December Term, 1900.
J.F. Bullwinkel, for the appellant.
George W. Sickels, for the respondent.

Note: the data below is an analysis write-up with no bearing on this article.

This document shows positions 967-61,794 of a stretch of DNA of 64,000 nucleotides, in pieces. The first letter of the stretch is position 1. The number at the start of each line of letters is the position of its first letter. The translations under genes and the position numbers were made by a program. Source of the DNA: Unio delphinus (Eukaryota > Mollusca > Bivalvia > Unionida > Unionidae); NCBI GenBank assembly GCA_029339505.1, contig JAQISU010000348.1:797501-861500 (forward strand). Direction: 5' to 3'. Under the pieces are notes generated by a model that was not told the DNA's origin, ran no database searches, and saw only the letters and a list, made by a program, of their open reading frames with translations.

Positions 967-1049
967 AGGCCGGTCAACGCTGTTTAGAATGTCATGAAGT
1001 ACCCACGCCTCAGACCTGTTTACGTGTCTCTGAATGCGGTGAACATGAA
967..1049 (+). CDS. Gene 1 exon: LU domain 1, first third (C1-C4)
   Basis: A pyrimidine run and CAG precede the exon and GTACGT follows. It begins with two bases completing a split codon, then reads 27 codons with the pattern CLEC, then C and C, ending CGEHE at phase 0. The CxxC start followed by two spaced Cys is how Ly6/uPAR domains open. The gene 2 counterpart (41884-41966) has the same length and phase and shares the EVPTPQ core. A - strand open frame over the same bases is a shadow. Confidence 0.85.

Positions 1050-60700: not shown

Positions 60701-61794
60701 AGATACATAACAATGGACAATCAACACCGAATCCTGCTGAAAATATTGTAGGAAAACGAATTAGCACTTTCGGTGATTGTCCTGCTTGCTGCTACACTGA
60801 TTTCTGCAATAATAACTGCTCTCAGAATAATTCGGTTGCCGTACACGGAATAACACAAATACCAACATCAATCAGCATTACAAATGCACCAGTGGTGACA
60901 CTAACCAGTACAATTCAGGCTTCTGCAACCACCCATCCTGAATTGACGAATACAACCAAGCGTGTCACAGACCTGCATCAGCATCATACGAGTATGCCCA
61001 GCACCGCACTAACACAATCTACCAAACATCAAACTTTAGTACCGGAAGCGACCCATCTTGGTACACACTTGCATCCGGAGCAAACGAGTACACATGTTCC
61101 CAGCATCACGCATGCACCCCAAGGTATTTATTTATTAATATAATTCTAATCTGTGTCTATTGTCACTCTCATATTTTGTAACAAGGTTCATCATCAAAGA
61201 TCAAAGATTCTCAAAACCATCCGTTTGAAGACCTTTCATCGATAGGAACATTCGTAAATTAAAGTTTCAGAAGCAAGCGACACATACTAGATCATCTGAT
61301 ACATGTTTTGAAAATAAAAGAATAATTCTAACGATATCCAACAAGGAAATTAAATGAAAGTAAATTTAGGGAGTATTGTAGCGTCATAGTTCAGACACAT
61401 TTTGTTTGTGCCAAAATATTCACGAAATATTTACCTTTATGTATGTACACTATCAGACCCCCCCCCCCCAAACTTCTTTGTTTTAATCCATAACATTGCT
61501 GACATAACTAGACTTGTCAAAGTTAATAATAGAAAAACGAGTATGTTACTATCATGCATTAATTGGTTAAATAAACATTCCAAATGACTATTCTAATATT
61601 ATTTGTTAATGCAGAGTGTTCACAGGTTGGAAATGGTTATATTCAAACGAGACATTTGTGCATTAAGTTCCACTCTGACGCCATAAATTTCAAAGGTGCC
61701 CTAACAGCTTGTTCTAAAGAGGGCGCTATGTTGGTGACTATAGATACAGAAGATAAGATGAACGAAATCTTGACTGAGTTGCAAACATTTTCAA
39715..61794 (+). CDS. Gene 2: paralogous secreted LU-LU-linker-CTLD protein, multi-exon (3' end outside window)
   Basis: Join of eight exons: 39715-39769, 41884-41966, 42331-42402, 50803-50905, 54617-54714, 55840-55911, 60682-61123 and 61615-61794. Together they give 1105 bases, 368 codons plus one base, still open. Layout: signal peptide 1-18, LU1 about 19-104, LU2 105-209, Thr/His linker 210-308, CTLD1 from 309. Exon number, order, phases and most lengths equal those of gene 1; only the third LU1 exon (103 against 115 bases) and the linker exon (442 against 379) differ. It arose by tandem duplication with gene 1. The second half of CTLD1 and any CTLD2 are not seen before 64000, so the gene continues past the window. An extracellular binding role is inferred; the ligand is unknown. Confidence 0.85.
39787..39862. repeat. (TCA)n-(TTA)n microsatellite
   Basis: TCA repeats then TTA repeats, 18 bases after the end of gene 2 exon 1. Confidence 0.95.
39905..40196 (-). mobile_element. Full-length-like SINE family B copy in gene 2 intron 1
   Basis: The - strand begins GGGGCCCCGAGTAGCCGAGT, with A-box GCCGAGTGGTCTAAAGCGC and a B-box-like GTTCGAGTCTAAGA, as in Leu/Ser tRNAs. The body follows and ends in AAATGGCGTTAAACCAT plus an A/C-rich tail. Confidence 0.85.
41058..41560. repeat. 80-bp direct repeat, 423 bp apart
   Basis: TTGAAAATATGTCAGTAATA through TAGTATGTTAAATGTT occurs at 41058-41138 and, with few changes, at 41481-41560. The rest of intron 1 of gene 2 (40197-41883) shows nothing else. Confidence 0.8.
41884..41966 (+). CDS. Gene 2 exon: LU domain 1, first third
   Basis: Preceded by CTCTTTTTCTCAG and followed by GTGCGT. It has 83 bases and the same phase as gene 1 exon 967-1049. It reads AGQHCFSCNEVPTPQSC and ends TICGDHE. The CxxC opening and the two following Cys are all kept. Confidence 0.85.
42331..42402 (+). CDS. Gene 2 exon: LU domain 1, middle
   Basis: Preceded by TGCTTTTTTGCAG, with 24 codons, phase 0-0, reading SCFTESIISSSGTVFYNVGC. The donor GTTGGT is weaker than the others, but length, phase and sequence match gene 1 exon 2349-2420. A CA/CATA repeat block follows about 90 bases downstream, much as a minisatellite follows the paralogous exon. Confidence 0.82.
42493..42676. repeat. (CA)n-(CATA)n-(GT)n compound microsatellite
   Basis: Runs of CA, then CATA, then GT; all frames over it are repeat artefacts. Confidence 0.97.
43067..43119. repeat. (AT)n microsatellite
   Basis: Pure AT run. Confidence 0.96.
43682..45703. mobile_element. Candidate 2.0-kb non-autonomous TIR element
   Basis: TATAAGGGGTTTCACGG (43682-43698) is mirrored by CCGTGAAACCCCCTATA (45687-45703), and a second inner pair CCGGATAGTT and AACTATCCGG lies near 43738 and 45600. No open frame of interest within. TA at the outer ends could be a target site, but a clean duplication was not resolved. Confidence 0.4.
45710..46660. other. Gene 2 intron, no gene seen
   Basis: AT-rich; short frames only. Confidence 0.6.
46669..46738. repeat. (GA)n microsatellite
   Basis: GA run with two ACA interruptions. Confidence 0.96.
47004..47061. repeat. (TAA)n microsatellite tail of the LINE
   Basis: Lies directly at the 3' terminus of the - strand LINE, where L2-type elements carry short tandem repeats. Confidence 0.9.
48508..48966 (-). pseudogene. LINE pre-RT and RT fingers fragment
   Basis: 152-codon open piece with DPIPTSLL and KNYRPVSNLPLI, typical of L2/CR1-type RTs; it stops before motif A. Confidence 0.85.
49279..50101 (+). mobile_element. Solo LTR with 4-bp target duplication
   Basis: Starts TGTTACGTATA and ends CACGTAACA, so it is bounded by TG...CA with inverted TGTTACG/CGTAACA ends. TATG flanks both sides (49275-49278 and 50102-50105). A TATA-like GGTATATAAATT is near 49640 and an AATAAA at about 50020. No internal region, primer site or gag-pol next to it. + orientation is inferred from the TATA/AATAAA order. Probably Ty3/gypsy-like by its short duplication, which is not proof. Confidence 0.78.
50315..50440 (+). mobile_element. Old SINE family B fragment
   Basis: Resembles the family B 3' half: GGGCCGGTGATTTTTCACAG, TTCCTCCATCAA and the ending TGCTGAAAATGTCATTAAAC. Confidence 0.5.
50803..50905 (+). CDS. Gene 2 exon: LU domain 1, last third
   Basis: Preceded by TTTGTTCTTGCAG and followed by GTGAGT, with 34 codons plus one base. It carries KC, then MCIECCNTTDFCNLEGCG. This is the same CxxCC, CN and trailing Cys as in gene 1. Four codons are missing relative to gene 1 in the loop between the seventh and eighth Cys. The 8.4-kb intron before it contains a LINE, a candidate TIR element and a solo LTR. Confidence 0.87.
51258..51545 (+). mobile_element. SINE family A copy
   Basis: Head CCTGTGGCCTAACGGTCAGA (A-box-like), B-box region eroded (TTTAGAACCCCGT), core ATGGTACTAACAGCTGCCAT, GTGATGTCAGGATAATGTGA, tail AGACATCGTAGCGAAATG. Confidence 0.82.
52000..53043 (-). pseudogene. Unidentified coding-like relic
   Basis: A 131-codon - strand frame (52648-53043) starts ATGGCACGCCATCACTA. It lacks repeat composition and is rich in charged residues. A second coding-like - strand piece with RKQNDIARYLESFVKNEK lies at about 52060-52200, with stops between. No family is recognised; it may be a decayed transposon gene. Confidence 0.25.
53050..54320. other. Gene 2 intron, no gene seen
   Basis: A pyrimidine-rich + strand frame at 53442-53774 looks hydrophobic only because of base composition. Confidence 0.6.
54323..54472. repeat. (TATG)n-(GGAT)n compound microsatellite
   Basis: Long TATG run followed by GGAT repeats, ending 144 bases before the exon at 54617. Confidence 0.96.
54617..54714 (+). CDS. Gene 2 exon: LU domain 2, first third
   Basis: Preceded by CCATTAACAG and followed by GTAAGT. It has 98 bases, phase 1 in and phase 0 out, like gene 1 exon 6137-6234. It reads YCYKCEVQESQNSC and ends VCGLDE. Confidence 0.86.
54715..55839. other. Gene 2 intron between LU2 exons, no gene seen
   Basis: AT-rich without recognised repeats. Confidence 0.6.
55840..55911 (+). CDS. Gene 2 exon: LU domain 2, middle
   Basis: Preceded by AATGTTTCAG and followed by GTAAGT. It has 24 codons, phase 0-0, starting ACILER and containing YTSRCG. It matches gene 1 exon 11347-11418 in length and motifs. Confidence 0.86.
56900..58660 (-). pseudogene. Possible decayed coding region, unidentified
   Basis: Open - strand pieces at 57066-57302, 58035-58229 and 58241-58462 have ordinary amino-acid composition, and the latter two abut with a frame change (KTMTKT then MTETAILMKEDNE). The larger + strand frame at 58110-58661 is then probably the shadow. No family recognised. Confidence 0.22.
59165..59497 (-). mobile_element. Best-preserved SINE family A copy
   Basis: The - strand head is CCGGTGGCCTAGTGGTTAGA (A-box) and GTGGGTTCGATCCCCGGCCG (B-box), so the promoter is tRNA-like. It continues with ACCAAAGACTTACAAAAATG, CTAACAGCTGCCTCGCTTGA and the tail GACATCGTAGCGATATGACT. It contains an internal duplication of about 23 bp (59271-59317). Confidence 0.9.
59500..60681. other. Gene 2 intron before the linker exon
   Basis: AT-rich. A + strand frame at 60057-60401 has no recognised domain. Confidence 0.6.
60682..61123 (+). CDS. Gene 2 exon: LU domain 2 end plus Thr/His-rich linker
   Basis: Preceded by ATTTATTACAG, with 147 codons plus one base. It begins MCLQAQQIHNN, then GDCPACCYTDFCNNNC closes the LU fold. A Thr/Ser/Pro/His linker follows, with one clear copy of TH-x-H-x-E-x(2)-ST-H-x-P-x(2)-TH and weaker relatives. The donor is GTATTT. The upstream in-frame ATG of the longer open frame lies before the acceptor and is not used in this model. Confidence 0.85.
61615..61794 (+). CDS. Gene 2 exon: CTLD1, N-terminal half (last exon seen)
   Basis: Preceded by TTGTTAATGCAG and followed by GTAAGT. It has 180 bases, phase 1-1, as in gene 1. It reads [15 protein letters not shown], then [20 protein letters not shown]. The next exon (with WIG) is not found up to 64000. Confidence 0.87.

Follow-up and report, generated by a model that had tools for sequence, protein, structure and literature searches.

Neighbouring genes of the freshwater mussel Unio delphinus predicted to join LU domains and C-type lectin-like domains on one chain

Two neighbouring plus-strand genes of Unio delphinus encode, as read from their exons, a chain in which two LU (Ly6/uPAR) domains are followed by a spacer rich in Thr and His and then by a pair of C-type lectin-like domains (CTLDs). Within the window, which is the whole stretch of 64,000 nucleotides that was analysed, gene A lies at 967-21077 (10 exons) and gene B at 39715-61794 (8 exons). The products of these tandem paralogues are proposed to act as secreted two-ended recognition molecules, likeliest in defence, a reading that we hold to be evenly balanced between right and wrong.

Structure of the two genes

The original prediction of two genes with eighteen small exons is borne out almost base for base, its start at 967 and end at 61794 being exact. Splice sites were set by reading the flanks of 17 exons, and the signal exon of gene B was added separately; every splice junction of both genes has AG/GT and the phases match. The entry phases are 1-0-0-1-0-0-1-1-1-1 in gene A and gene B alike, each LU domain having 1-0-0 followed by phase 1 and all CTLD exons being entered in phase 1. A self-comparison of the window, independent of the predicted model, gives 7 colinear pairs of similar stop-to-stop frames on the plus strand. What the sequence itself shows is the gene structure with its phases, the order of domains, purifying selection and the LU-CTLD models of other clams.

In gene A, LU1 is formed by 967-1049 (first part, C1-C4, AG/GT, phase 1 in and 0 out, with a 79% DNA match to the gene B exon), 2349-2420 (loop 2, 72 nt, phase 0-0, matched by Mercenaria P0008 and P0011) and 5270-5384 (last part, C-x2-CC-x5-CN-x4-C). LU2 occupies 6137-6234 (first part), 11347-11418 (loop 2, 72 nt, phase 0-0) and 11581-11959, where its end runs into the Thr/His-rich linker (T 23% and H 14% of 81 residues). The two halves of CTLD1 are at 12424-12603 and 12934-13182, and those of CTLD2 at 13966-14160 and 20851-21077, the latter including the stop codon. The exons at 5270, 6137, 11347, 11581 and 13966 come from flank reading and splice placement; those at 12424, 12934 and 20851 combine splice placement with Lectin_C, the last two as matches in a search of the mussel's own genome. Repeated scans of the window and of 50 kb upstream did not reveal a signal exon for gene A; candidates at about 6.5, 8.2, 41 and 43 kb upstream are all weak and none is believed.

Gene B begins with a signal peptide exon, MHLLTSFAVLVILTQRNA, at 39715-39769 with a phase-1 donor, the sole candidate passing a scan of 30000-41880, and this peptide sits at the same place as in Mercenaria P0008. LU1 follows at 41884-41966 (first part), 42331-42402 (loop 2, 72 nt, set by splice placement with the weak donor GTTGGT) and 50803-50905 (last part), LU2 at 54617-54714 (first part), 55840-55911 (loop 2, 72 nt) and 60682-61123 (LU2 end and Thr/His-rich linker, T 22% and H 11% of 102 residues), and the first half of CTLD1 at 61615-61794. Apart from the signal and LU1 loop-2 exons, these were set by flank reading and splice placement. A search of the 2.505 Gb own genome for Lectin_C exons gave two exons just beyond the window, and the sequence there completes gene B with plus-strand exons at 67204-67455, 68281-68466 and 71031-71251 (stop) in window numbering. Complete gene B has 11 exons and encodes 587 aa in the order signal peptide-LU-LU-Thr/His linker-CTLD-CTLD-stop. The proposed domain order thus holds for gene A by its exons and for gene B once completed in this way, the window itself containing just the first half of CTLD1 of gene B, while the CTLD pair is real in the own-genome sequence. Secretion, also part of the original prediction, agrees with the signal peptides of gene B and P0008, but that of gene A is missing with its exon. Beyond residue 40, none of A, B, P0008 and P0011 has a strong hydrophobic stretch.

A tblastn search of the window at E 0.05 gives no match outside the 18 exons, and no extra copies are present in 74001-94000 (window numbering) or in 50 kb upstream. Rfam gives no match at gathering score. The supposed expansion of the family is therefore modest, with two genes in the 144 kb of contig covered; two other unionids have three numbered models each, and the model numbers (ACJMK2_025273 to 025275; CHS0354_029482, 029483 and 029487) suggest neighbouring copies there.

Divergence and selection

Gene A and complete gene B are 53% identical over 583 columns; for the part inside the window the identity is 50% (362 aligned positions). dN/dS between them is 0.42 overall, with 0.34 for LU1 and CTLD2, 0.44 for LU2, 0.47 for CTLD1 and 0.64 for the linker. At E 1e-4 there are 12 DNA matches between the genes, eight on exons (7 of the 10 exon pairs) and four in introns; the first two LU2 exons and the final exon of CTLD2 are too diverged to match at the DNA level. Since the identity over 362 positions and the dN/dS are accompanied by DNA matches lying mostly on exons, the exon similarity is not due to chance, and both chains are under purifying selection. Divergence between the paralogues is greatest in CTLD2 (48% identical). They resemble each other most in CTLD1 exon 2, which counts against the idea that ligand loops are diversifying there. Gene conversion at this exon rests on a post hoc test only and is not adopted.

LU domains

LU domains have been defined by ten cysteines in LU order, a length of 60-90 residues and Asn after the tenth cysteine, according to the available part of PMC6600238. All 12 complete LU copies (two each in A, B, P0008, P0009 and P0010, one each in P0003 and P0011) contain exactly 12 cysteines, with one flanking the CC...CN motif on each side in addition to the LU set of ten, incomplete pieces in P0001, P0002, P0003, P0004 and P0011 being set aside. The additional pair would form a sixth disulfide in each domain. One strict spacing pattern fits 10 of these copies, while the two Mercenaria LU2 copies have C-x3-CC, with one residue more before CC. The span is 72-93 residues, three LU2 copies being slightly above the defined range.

On the 1st day of May, 1898, the plaintiff and defendant entered into an agreement whereby the plaintiff was to turn over certain customers to the defendant, and thereafter the defendant was to take entire charge of said customers and of the sales to them and the collection of moneys due from them, and to pay to the plaintiff five per cent commission on all the goods, wares and merchandise of the defendant sold to such customers after said date and paid for by them. In January, 1899, the plaintiff herein brought an action against the defendant to recover the commissions due and owing to him on the sales and collections up to December 1, 1898, in which action he recovered the amount of his commissions up to the first of December. The defendant, without any new contract, continued to sell goods to the customers turned over by the plaintiff, and on the 1st day of February, 1900, the plaintiff brought the present action to recover the commissions due him from the 1st day of December, 1898, to the 31st day of January, 1900, which action resulted in the judgment appealed from. The only point urged in behalf of the appellant is that the first judgment is a bar to a recovery in the case here.